A Farewell to Carbs

A 30-something navigating the world of Type 2 Diabetes while remaining fun, fashionable and fabulous.

Goals for March 03/01/2012

Filed under: Goals — Diabetic Diva @ 8:09 am
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It’s a new month, which means new goals.

For new readers, I decided in late December that instead of making a big blanket New Year’s resolution that I’d never, ever follow through on, I’d make one or two easily-reachable goals each month. Each goal remains in place, though, so I add to my new healthy habits each month.

The reality is …. well, it hasn’t worked out as planned. My January goals were to exercise for 210 minutes each week. That hasn’t exactly happened consistently. I also resolved to stop eating fast food and, even though I’ve realized it tastes gross, I still hit the drive-thru once a week or so as a “reward” for a tough day.

February goals were a mixed bag. I have not been very good about taking time out to eat meals and really enjoy them. But I have followed my goal of exercising once a week outside of the gym, mostly thanks to a great group of friends who will get together with me for a walk or an exercise class once a week.

So, in addition to focusing on meeting these four goals each day, I’m adding one more. The first is one I’m excited about — I’ve decided to stop eating after 9 p.m.

This is a relatively arbitrary time of day, and it’s intended to solve a problem I’ve been struggling with for years.

I make good food choices in the morning and afternoons. I can fend off early hunger pangs at work by focusing on another task. I am rarely tempted to go off the beaten path when it comes to my meal plans for breakfast, lunch and a snack.

It's almost 9 p.m.Do you know where your snacks are?

But once I get home from work, a switch flips in my brain. I put my stuff down and do the dishes from lunch. Then I open the fridge and unhinge my jaw. Every commercial break, I’ll get up and find something else to snack on. And even after I’m full, I keep eating. I completely blow my daily calorie limit in the space of three or four hours. And, as embarassing as it is to admit, if I don’t have tantalizing snacks in the house, I’ll go out and buy some.

I have a problem. I know this. And yet I can’t stop. I know I’m screwing up. I’ve tried curbing it by putting the mindful eating goal last month. It didn’t work.

I’m hoping that by instituting an eating ban after 9 p.m., I can rewire my brain to not expect a calorie explosion late at night.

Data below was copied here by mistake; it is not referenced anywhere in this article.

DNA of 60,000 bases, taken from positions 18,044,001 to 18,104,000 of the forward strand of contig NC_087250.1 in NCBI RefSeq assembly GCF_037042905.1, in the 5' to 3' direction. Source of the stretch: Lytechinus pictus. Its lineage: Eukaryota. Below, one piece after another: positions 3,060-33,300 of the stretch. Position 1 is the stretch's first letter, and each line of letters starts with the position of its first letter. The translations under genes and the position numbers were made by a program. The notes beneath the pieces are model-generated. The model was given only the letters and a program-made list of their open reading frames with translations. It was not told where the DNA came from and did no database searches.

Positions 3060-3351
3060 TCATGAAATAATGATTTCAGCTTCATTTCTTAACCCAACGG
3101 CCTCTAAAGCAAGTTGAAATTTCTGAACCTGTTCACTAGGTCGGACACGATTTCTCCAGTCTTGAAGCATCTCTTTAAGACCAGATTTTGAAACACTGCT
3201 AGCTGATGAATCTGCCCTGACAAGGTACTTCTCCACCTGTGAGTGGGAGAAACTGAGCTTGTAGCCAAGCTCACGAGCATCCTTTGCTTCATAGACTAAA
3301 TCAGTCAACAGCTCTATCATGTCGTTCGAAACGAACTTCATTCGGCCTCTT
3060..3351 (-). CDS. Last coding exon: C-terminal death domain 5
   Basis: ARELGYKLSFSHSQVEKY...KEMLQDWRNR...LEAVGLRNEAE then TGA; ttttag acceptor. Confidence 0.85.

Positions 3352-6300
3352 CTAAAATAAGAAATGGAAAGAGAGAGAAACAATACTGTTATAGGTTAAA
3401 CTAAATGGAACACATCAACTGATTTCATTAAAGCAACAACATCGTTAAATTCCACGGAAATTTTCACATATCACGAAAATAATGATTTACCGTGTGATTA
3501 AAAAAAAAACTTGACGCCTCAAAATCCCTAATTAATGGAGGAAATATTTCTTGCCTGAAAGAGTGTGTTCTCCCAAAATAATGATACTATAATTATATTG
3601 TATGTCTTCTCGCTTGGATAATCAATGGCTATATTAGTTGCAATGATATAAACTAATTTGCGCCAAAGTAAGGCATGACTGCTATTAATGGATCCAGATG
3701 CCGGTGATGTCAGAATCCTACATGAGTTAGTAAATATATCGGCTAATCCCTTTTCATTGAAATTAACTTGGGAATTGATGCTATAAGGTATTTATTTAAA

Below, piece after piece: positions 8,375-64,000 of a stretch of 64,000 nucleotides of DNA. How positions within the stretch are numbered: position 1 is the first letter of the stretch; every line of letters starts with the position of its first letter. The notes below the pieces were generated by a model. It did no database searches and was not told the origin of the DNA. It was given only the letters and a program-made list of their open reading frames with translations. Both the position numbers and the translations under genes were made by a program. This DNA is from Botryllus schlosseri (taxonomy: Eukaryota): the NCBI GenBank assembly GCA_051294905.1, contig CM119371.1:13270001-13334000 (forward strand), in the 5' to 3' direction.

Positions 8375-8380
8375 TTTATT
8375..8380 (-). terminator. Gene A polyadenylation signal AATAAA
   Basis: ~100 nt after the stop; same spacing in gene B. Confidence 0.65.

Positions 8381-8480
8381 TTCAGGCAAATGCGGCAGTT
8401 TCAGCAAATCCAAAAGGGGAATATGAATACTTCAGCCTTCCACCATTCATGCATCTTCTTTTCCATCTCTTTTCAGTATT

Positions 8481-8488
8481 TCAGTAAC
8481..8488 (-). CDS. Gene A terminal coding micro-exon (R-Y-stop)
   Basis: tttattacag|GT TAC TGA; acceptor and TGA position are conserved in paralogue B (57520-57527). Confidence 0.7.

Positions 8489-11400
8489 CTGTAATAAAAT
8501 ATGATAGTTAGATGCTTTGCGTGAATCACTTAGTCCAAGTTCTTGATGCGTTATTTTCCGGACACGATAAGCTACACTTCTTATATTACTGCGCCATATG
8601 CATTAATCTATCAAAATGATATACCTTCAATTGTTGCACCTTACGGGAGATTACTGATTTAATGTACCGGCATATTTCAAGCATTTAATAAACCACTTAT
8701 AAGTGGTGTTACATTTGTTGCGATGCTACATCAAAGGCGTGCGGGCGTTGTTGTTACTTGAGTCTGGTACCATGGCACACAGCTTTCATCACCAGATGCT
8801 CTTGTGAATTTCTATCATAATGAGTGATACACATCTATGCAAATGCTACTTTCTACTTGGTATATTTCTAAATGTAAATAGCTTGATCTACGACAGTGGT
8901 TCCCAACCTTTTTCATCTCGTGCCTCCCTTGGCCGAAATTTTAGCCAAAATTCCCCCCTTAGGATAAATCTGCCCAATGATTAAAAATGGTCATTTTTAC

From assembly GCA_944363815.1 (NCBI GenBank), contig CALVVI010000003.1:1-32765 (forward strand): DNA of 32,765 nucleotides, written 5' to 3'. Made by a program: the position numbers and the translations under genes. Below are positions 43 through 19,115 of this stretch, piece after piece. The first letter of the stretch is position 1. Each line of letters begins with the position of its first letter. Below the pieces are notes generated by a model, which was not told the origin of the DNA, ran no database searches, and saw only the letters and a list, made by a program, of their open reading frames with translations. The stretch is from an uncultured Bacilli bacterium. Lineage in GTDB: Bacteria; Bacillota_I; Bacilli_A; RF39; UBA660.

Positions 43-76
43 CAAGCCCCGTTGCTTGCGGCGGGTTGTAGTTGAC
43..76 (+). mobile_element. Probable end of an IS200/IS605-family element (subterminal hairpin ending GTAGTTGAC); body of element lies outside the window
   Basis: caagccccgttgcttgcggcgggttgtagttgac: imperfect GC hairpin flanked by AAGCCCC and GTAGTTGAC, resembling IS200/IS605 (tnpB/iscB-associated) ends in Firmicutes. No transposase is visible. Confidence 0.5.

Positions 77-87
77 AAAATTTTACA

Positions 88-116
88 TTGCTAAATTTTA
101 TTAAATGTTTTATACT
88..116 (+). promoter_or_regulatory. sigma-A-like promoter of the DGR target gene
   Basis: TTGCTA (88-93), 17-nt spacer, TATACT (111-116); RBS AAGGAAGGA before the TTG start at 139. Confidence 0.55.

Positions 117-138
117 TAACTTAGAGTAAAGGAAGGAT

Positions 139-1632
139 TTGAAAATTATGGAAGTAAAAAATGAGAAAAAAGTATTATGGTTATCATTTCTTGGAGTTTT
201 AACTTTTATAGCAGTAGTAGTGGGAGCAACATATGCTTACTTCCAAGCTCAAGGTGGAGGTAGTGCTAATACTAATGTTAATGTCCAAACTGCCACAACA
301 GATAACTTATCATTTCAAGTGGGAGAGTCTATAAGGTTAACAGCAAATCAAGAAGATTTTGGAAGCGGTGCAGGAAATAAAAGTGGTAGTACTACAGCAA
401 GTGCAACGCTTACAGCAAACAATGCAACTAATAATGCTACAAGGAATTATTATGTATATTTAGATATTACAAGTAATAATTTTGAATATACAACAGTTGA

I have a few strategies to help me accomplish this goal. I’ve started exercising at the gym at night after work, which means there’s a 45 minute period where I can’t eat. (Well, I could but I’d hate to think of the judgement I’d get if I ate a pan of brownies while walking on a treadmill.)

When I get home from the gym, I am hungry. But it’s more habit than actual hunger, and I’ve just spent 45 minutes sweating and panting (and not in a good way). So why would I want to then ruin all that by stuffing my face?

I’d like to eventually lift this ban in favor of a more sane approach to snacking, so I can have a small treat or an extra serving of veggies before bed. For now, though, going cold-turkey seems like the only way to really stop the sabotage.

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Battling self-doubt 01/13/2012


I’ve had a bad week.

I have set foot in a gym exactly once in the last six days, meaning I’ve completely blown my goal of fitting in 210 minutes of exercise for the week. I haven’t been keeping track of what I’m eating (meaning I am shoveling unspeakable amounts junk food into my mouth at all hours of the day and night). I completely gave up any facade of trying Thursday and grabbed takeout for lunch and dinner instead of sticking with my eating plan.

All that healthy food I bought over the weekend is just sitting in the fridge, slowly going bad. My sneakers and my iPod have been sitting in my bedroom, gathering dust.

I hate myself for not honoring my commitments. It’s the second full week of the month and I’m already spiraling back into all my old habits. I’m a complete failure.